The last time I spoke with an editor in New Zealand, we left it at: "That's a great project, but you've got to get your own boat." I couldn't stay angry because I've always had a soft spot for the Kiwis and their Australian neighbors. They are staunch U.S. allies, yet refuse to take us seriously. Also, I like Christopher Koch novels, and their army has those really cool hats.
For me, it likely started back when cable television was scrambling for 24-hour content and introduced an entire generation of insomniacs to Australian Rules Football and Paul Hogan. Now that's football, I thought. These guys are really gonna hurt each other!
And then there was the great whacking Foster's Oil Can — at 24.5 oz., it made quite an impression on me: "No, Mom! I only had two beers!" The twist is that Foster's was created by a pair of American brothers who sailed from New York to Melbourne in 1885. Their beer wouldn't get to the United States until 1972, and when it did, it went big.
Before entering the U.S. market, Foster's was considered a premium brand in Australia and then, suddenly, it wasn't. Hard to say why really; the Aussies are not snobby as a rule. Perhaps they didn't appreciate our military's attempts at the time to napalm the length and breadth of Southeast Asia. As the brand fell from grace at home, however, it boomed stateside and in the U.K., where it is now their second-most popular beer.
In the 1970s and 1980s, premium beer in the U.S. merely meant "from far away," which posed something of a problem, as light lagers have a pretty short shelf-life, even under the best of circumstances. Australia is very far away — so far that it is already tomorrow over there.
To better recreate what's being quaffed in Sydney, the quintessential Australian beer is, in fact, made by Miller at Oil Can Breweries in Fort Worth, Texas, and Albany, Georgia, under the direction of a brewmaster they poached from down under.
Honestly, and this is going to sound like a cop-out, Foster's tastes like a Miller with an Australian accent. More accurately, it is a good example of one of those East Asian lagers that tastes like beer while managing a lightness that floats above that sour aftertaste of mass-market beers. And in a hot climate with spicy foods, those options are seriously underrated.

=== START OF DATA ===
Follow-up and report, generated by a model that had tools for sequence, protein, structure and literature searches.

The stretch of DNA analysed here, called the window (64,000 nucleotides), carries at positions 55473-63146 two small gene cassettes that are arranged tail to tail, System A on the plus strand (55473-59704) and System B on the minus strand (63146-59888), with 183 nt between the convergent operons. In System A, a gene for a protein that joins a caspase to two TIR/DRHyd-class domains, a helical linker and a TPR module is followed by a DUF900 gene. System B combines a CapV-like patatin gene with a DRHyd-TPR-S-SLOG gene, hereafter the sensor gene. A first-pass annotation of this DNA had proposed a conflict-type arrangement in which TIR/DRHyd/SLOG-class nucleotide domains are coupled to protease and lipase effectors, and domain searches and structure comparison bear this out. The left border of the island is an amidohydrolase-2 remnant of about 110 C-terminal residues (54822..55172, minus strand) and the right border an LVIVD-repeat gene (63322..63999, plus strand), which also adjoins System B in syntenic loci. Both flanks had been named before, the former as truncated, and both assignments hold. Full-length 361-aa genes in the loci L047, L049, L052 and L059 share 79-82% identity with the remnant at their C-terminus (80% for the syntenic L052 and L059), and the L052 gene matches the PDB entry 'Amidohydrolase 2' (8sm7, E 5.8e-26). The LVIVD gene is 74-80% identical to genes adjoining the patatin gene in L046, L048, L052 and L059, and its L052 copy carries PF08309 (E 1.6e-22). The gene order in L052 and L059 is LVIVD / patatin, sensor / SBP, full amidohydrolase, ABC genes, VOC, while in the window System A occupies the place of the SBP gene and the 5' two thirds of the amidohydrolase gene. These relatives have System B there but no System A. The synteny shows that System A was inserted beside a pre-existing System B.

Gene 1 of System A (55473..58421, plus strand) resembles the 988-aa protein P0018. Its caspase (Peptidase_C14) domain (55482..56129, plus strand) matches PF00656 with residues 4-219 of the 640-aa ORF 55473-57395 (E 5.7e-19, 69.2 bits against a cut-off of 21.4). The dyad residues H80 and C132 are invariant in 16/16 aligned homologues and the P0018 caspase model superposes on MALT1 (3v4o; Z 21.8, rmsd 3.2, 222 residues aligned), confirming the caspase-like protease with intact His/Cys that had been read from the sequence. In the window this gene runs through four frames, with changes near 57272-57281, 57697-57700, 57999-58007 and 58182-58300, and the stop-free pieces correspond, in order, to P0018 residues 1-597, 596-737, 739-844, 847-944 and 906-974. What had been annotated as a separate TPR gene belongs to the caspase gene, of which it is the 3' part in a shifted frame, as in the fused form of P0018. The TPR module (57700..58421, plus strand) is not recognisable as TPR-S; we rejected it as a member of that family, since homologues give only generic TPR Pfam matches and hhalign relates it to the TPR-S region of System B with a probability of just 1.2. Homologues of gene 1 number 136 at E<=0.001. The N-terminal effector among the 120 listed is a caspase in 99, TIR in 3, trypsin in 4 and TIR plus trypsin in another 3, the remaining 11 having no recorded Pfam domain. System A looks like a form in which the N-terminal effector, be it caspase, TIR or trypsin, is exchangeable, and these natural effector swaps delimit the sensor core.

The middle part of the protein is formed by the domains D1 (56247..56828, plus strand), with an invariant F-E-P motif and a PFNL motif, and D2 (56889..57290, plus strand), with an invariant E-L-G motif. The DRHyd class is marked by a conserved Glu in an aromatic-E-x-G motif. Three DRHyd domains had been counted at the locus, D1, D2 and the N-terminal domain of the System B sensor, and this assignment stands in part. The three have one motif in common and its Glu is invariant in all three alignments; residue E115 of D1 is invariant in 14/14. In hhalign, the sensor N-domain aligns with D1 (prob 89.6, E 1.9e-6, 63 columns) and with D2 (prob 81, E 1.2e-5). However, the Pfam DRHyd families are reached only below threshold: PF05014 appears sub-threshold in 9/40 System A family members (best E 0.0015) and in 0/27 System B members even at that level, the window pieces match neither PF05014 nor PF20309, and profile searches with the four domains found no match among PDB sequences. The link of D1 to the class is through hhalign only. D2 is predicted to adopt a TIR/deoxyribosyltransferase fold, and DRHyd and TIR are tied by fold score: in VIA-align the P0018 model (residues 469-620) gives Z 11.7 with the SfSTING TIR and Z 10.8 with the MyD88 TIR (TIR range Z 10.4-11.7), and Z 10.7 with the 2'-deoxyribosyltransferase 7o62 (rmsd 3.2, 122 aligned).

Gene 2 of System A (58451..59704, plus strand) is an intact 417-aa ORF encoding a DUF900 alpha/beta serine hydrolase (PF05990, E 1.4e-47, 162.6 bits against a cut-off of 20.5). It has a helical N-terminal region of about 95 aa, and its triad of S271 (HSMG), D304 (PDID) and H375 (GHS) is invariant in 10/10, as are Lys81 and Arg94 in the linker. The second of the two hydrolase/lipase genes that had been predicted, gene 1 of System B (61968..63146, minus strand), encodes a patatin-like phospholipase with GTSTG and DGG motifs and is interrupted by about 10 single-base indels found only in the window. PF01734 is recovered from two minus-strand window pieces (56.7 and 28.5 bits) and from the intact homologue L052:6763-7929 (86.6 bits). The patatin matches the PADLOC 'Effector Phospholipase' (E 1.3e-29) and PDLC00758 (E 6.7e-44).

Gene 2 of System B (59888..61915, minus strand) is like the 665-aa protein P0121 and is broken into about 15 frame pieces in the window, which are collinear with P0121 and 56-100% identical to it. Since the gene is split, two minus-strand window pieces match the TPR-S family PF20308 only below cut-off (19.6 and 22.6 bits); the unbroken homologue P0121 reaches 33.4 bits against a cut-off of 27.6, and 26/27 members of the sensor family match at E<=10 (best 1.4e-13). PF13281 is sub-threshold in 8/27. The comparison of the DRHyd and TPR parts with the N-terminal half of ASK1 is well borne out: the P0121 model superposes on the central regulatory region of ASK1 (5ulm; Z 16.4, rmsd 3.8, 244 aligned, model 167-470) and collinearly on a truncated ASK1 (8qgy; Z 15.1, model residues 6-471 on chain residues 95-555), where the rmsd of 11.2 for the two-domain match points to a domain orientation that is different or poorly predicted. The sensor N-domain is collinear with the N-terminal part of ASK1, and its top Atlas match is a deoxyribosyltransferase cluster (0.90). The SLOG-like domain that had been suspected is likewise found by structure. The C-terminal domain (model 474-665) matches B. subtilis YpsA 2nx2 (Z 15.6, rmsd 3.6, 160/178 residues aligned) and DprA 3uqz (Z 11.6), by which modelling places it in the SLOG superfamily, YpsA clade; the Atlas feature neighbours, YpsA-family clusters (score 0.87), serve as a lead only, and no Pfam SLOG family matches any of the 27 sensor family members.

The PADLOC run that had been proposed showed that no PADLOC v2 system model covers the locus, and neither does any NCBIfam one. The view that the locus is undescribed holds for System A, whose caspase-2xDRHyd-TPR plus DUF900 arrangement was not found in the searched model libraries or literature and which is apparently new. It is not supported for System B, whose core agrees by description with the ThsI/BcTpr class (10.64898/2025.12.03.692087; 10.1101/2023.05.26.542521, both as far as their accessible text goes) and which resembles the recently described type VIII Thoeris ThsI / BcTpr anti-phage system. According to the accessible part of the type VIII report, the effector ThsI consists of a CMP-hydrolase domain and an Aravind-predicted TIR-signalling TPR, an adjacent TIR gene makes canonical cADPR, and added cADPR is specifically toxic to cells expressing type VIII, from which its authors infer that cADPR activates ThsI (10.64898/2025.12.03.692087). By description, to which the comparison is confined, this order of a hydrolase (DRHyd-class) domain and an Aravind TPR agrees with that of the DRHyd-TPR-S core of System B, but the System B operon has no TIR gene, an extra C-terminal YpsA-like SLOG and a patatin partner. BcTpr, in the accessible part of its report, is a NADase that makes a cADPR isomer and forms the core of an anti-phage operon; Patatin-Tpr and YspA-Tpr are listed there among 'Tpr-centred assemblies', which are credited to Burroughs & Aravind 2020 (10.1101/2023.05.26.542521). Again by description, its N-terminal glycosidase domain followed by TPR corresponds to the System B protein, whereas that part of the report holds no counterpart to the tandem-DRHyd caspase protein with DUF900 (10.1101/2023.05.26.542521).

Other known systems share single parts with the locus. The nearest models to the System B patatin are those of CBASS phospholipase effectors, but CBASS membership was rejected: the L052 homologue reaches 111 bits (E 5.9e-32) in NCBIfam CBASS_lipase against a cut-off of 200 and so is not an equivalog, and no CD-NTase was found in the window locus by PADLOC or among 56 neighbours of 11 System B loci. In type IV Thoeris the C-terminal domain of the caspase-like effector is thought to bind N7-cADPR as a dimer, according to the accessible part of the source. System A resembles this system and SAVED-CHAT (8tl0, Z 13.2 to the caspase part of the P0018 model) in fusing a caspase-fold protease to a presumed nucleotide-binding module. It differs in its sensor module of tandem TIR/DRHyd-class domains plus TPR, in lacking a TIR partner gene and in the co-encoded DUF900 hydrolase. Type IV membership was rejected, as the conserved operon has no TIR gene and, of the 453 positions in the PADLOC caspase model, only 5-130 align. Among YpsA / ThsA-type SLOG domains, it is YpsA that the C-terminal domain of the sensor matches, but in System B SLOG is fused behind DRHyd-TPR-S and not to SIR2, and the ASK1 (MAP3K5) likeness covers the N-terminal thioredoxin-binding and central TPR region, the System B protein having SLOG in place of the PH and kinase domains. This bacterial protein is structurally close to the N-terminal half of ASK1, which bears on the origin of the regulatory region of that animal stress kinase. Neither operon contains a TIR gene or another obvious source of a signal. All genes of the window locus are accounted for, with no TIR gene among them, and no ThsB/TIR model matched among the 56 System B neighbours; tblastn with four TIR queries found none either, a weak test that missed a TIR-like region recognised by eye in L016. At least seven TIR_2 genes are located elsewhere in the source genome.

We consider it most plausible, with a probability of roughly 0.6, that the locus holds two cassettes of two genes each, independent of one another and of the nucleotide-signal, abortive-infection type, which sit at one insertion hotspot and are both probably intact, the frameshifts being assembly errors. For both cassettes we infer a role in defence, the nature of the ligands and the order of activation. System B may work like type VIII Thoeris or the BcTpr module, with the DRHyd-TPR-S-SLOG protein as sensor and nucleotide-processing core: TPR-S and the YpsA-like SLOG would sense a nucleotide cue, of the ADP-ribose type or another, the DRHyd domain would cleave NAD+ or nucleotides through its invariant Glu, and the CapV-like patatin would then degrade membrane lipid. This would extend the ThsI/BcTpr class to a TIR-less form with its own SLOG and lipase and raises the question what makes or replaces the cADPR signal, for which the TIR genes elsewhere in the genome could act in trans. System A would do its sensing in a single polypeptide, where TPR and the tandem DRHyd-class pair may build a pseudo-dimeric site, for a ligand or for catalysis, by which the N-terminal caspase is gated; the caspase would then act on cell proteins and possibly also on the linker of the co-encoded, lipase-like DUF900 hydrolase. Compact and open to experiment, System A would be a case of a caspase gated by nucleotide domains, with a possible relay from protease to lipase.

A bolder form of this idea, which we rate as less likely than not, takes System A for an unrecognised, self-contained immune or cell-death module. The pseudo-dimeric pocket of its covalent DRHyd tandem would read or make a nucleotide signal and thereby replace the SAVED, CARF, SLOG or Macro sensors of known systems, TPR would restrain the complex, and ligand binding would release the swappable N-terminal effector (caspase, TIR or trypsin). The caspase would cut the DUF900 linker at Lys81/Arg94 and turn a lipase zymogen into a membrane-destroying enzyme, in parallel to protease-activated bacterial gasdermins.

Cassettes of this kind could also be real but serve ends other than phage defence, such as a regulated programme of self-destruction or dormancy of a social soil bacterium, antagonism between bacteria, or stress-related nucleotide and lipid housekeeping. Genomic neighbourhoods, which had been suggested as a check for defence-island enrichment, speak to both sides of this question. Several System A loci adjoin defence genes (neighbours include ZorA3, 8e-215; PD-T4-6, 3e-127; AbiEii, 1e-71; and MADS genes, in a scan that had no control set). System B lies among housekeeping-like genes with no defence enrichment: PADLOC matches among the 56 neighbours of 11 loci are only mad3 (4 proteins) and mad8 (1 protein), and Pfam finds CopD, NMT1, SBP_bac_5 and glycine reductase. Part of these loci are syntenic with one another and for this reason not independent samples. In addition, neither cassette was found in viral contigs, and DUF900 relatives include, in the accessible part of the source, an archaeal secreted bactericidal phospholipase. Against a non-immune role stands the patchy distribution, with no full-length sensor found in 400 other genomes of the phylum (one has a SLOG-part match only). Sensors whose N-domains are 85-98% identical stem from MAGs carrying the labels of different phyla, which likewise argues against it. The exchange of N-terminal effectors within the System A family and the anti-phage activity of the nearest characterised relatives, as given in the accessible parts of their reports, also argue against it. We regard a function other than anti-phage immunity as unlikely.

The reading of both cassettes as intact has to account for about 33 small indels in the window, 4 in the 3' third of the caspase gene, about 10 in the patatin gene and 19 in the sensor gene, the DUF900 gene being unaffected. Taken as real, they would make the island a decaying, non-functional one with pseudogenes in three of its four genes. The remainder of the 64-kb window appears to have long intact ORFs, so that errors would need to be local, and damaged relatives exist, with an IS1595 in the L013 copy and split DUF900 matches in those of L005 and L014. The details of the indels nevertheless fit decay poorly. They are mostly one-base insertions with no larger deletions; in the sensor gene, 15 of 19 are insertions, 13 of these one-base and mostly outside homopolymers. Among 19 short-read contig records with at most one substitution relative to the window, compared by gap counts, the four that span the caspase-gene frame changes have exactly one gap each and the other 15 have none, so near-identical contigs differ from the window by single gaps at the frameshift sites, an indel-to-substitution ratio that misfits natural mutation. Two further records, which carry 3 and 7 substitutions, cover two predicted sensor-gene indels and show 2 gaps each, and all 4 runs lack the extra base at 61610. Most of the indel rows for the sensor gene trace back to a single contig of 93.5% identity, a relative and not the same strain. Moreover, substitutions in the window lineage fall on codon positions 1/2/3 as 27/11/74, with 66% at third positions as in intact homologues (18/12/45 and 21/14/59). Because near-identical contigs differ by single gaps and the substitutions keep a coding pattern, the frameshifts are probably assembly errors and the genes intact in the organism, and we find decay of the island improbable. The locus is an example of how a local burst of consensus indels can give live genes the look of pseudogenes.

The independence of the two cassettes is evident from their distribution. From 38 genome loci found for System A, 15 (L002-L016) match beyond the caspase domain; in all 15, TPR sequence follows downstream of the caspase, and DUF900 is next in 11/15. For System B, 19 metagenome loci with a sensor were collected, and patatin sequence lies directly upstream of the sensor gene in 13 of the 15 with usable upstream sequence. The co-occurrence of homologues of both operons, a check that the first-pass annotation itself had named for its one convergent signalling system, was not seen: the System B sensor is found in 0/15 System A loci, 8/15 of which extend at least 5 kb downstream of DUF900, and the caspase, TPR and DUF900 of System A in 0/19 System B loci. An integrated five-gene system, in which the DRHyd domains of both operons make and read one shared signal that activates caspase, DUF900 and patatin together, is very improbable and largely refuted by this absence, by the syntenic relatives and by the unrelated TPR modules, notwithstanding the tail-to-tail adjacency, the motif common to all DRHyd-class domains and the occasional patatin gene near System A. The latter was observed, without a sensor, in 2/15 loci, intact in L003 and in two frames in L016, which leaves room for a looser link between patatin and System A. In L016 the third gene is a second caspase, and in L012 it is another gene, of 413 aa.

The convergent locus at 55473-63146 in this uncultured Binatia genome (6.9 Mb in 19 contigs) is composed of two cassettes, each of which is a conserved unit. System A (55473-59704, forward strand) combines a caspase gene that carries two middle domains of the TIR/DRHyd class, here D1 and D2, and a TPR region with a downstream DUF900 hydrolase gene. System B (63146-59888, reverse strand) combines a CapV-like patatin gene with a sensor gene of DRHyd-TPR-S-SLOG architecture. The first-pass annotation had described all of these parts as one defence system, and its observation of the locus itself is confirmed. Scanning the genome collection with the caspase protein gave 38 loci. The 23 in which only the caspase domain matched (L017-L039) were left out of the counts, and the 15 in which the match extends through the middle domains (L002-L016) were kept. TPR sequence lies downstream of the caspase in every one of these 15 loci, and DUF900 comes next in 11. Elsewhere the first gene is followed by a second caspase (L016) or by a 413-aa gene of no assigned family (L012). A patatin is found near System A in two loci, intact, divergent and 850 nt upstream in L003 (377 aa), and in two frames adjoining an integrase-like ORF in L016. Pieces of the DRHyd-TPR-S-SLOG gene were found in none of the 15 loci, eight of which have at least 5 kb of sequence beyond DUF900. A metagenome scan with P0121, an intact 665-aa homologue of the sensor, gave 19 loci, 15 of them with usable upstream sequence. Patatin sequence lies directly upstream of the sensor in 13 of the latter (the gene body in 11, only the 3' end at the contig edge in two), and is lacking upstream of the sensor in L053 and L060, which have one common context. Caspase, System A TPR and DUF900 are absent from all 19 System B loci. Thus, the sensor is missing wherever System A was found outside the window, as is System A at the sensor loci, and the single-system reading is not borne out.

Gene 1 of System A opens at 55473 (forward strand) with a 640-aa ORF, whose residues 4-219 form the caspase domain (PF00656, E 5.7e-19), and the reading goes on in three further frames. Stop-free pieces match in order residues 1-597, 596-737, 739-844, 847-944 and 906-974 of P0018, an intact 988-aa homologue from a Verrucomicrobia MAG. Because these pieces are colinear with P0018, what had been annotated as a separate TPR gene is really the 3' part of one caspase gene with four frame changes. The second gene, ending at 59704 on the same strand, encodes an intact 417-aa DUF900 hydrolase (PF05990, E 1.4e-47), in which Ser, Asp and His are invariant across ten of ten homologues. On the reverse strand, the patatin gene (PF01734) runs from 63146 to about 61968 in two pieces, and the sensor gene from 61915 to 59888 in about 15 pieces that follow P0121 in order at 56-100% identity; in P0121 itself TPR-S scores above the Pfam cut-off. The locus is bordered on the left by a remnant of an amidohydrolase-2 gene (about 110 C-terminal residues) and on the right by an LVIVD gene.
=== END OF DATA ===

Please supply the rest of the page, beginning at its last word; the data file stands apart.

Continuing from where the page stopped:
There was no telling that to one Leif Nelson, a Manhattan physical therapist and self-proclaimed beer aficionado, who sued Miller for false advertising for giving the impression that the beer was imported from Australia. The case struck me as odd because a) Leif obviously didn't read the side of the can before filing his lawsuit, and b) what beer aficionado would go to the mat over a brand like Foster's?
Again, it is a good, light, hot-weather beer, and I thoroughly enjoyed researching this column. But Foster's Lager is not intended to be discussed at length ... and certainly not by lawyers. It goes well with spicy Thai and Vietnamese food and, closer to home, with fried catfish and chicken. You might want to order it in draft or bottles though. While the 24-ounce Oil Can is great fun, it does force you to drink the thing in double time if you want to keep the last half of it cold. And you do.
In the end, Nelson's lawsuit was dismissed. He admitted that he really liked Foster's and would keep drinking it if the printing on the can had been more obvious. The crux of the psychological complaint behind the legal one seems to have been a Manhattanite's desire to feel "authentic" by drinking a beer made by the descendants of convicts exiled from the old Empire. And if you hoist a pint brewed in Georgia, that's exactly what you are doing.